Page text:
The Bottleneck Label
by Chance Smith
A friend (designer and big-brain thinker) and I talked about the craft and setting constraints. David says…
I see teams constantly fighting the “we’re the biggest bottleneck” vibe, which ain’t great for a team.
What if you are labeled a bottleneck?
You or your team being labeled as the “bottleneck” makes me think of three concepts.
1. Value Pricing
Do the math on the outcomes first, not the resources put into it. Help everyone do the Hard Math to guarantee the result desired.
Hard Math = the cost of getting the work done right, wrong, and not at all. It’s “hard” because not everyone is willing to share all the numbers. Yet it has to make business sense to do the work at all.
2. Get credit for your wins
So your team can be uplifted and supported, document your wins. Also, your saved time, money, and layoffs. You’re sometimes helping the other departments, but you’re not getting credit for it. I’ve got a couple of stories I could tell later about this topic.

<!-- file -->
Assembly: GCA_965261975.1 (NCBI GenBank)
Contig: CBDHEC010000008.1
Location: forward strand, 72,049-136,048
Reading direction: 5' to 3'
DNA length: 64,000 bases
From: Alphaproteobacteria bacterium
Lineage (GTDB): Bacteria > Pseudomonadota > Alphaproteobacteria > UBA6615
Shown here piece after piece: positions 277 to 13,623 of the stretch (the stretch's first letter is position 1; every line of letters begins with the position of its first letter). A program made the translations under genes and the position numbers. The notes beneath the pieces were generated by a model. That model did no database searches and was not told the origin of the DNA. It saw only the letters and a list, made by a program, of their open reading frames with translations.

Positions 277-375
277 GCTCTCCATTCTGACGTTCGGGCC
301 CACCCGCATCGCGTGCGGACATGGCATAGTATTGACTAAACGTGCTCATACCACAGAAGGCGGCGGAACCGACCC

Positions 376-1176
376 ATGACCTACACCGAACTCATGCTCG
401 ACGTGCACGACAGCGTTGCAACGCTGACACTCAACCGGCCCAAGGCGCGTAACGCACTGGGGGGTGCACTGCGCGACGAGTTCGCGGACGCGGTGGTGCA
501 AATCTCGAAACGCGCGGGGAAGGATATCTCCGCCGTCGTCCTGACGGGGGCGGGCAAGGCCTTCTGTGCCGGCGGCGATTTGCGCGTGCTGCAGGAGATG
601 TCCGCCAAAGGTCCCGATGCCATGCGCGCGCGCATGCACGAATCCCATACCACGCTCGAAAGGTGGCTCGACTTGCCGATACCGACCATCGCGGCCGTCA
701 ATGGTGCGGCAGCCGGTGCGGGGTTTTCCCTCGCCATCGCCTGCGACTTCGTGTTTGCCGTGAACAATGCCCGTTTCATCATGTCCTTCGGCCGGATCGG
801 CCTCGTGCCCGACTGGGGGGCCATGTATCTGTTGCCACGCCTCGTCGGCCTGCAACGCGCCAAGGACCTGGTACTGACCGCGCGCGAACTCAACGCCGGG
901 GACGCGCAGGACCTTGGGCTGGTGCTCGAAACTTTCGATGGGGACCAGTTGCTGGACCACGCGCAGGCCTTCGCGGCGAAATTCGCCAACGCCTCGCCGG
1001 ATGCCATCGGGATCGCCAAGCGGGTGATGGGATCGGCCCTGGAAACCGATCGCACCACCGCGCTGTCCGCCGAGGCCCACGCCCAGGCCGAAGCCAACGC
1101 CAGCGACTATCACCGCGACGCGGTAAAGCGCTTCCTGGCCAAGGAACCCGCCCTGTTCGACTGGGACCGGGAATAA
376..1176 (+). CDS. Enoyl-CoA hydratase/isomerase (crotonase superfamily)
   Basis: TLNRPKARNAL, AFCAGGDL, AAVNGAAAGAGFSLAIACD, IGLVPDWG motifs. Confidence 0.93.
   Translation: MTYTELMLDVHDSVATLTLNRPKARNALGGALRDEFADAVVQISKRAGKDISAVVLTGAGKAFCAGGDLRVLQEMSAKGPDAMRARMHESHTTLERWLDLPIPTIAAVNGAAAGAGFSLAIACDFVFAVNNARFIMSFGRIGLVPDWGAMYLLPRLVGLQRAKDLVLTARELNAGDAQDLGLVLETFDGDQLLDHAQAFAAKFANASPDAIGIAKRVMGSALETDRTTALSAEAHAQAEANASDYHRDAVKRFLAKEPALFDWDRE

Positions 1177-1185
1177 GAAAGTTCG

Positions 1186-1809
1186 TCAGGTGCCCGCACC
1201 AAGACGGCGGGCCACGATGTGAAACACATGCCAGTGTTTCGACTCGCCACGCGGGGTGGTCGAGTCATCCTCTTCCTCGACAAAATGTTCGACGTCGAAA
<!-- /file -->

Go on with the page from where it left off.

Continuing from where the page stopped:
“Yes, we’re the bottlenecks that just saved our team 2.3M this quarter, all by asking real-users questions about what features we thought we needed.” - Your Team + snark :smile:
3. Set expectations with an Anchor Price
Anchor Price = giving an initial high price, making lower prices appear more attractive by comparison.
Uncle Bob (TDD + Java educator) says an estimate is never a date — always a range of dates. Give three estimates and then average them: best, most likely, and worst.
Not that we should balloon or pad our estimates, but if we’re all too often missing the deadline, we’ll never exceed expectations.
So, the point is
You either have good reasons for being the bottleneck, need help, or need better processes. You might have to sell yourself and the work you do a bit differently. Help give your team a fresh perspective by discussing your value, getting the credit you deserve, and realistic expectations.
You want to create a Win-Win-Win, an environment that is good for you, your team, and your customers.